Surgery Improves Endocarditis-Induced Heart Failure Survival Rates
Surgery significantly improves short- and long-term outcomes in patients with heart failure caused by a bacterial infection known as endocarditis, according to Duke University Medical Center researchers.
“About 60 percent of patients with heart failure in endocarditis undergo surgery during initial hospitalization,” says Duke cardiologist Andrew Wang, MD, senior author of the study which appears today in the Journal of the American Medical Association.
He believes that percentage should be higher. American College of Cardiology guidelines strongly recommend surgery for this condition.
“Patients with heart failure as a complication of endocarditis do not do well and require very aggressive treatment,” says Wang. “Our study shows patients who were treated with surgery do better during initial hospitalization and at one year. We were surprised to see that also holds true for patients with milder forms of heart failure who may only receive medical therapy. Patients with milder degrees of heart failure did better with surgery when compared to those who did not undergo surgery.”
Endocarditis is an infection that occurs when bacteria or fungi adhere to and destroy the tissues in the lining of the heart and heart valves. As a result, the valves stop working properly. They begin to leak, which causes blood to flow in the wrong direction. That leads to heart failure, meaning the heart can no longer pump enough blood to the rest of the body.
About one-third of endocarditis patients develop heart failure that can be severe and often fatal. Previous studies show endocarditis is associated with a mortality rate of 15 percent to 20 percent in the hospital, and 40 percent within one year of diagnosis. In the United States alone, about 15,000 cases of endocarditis are reported each year.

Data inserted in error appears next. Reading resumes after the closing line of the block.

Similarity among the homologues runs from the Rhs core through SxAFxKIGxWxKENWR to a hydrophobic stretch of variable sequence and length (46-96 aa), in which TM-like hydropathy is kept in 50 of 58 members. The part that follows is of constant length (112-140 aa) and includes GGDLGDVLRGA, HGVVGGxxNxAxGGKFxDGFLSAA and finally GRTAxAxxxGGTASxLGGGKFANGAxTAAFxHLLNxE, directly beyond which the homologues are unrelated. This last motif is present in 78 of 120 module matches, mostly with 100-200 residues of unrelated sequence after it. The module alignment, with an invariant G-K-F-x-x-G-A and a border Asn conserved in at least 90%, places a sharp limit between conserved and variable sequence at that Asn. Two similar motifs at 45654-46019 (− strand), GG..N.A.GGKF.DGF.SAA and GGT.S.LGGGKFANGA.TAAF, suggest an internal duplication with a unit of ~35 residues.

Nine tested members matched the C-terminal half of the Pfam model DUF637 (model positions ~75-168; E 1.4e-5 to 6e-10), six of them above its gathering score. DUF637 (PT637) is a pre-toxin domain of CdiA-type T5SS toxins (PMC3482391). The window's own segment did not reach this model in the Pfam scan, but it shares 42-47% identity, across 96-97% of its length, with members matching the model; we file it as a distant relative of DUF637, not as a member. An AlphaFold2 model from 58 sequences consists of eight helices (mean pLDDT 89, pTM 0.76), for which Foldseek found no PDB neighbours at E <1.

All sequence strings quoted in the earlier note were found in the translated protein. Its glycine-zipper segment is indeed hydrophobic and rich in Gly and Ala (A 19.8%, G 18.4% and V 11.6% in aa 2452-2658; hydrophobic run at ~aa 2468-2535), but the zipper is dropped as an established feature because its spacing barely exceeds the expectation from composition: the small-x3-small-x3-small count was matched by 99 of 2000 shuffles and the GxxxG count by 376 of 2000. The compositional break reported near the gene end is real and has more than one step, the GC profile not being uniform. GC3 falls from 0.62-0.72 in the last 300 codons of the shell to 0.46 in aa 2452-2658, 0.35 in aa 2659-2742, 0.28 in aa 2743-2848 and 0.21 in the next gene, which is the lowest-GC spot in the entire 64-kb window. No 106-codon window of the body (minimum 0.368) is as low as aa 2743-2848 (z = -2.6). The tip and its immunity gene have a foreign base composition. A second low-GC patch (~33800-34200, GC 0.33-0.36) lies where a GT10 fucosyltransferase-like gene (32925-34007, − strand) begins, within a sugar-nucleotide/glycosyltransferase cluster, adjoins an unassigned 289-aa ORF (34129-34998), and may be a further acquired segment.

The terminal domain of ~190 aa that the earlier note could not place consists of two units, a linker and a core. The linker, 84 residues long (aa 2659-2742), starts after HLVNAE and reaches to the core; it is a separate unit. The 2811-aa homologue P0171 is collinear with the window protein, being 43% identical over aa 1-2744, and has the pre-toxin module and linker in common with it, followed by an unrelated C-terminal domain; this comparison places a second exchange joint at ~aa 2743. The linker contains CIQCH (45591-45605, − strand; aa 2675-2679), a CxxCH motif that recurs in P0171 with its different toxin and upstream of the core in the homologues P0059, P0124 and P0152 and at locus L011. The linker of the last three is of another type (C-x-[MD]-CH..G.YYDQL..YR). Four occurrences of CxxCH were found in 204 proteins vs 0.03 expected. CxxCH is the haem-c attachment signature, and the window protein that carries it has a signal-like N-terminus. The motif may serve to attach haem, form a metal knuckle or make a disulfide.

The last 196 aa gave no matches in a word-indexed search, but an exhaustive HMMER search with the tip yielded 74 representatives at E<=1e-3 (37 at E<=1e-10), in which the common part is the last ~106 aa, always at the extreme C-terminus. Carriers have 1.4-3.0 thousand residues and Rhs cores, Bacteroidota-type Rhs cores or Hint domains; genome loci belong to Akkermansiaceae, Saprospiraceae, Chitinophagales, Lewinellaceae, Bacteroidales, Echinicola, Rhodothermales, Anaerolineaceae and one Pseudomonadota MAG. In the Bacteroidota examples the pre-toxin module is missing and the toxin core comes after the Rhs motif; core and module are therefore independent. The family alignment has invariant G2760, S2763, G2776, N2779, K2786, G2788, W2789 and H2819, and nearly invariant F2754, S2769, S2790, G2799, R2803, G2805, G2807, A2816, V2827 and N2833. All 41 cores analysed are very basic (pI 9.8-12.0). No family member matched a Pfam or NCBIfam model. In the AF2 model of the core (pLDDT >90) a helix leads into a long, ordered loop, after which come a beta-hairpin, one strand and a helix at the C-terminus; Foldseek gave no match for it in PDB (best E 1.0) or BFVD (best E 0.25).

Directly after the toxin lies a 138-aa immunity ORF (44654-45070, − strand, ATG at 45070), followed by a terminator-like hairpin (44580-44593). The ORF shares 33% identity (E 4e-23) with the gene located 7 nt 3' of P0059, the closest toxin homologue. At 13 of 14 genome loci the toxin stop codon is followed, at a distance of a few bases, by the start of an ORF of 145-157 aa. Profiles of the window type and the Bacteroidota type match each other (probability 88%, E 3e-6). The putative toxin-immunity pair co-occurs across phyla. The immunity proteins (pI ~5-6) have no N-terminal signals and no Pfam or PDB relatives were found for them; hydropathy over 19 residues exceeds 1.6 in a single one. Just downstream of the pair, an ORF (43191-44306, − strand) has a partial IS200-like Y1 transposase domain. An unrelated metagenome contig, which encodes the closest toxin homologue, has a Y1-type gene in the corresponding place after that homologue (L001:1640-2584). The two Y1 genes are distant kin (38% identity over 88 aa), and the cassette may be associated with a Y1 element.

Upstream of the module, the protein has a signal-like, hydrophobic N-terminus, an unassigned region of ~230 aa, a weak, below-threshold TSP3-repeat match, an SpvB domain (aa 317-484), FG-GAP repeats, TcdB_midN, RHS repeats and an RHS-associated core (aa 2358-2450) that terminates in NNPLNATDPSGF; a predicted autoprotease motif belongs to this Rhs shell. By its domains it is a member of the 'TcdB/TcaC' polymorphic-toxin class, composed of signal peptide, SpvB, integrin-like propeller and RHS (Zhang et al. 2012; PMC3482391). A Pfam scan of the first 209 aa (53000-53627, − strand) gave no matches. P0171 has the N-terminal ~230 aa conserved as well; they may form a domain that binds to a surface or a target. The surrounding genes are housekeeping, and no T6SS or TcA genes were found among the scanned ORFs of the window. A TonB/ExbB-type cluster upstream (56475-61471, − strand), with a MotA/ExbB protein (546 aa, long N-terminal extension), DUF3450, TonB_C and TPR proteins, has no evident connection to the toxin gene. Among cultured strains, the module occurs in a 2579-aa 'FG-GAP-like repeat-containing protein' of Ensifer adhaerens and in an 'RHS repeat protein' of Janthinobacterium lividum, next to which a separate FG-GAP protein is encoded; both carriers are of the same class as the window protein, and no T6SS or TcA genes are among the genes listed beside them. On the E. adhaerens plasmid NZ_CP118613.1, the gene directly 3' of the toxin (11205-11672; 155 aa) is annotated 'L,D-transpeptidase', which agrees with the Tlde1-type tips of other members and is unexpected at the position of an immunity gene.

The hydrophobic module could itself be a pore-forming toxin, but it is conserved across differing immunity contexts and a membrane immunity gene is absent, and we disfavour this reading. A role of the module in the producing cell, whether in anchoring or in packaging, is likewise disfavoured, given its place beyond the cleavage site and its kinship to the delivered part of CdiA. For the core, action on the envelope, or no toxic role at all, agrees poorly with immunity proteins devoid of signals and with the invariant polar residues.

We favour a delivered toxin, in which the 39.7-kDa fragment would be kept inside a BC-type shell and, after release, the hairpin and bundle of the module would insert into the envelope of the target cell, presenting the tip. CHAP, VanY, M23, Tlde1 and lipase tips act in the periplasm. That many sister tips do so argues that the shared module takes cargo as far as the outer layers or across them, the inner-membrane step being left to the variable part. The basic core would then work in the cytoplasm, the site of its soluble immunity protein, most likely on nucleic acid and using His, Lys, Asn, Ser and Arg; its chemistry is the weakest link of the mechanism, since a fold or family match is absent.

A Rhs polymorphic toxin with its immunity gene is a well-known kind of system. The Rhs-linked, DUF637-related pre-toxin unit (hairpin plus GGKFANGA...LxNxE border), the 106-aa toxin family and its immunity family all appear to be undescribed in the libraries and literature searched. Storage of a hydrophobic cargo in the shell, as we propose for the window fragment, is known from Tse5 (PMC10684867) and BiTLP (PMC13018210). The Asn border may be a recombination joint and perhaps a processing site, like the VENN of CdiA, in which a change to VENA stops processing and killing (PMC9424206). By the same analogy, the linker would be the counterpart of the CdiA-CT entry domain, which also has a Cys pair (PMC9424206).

While endocarditis risk is higher in already malfunctioning valves, it also occurs when bacteria enters the bloodstream of otherwise healthy hearts. “We’re seeing it as a complication of medical procedures more frequently,” Wang says.
The study data were collected from the International Collaboration on Endocarditis-Prospective Cohort Study, which enrolled more than 4,000 patients from 61 centers in 28 countries between June 2000 and December 2006.
Of the 1,359 patients with heart failure, 839 (61.7 percent) had valve surgery during their initial hospitalization. Heart failure patients who had surgery had a significantly lower, unadjusted in-hospitality mortality rate (20.6 percent) compared to those who did not undergo surgery (44.7 percent).
The one-year mortality rate was 29.1 percent for patients who were treated with surgery compared to 58.4 percent for patients treated with medical therapy alone.
“This study gives us a much better understanding of one of the most feared complications of endocarditis, which is heart failure,” says Wang. “We now know that the prognosis and outcome can be poor unless patients are followed closely and treated aggressively by a multidisciplinary team of cardiologists, infectious disease specialists, and cardiothoracic surgeons.”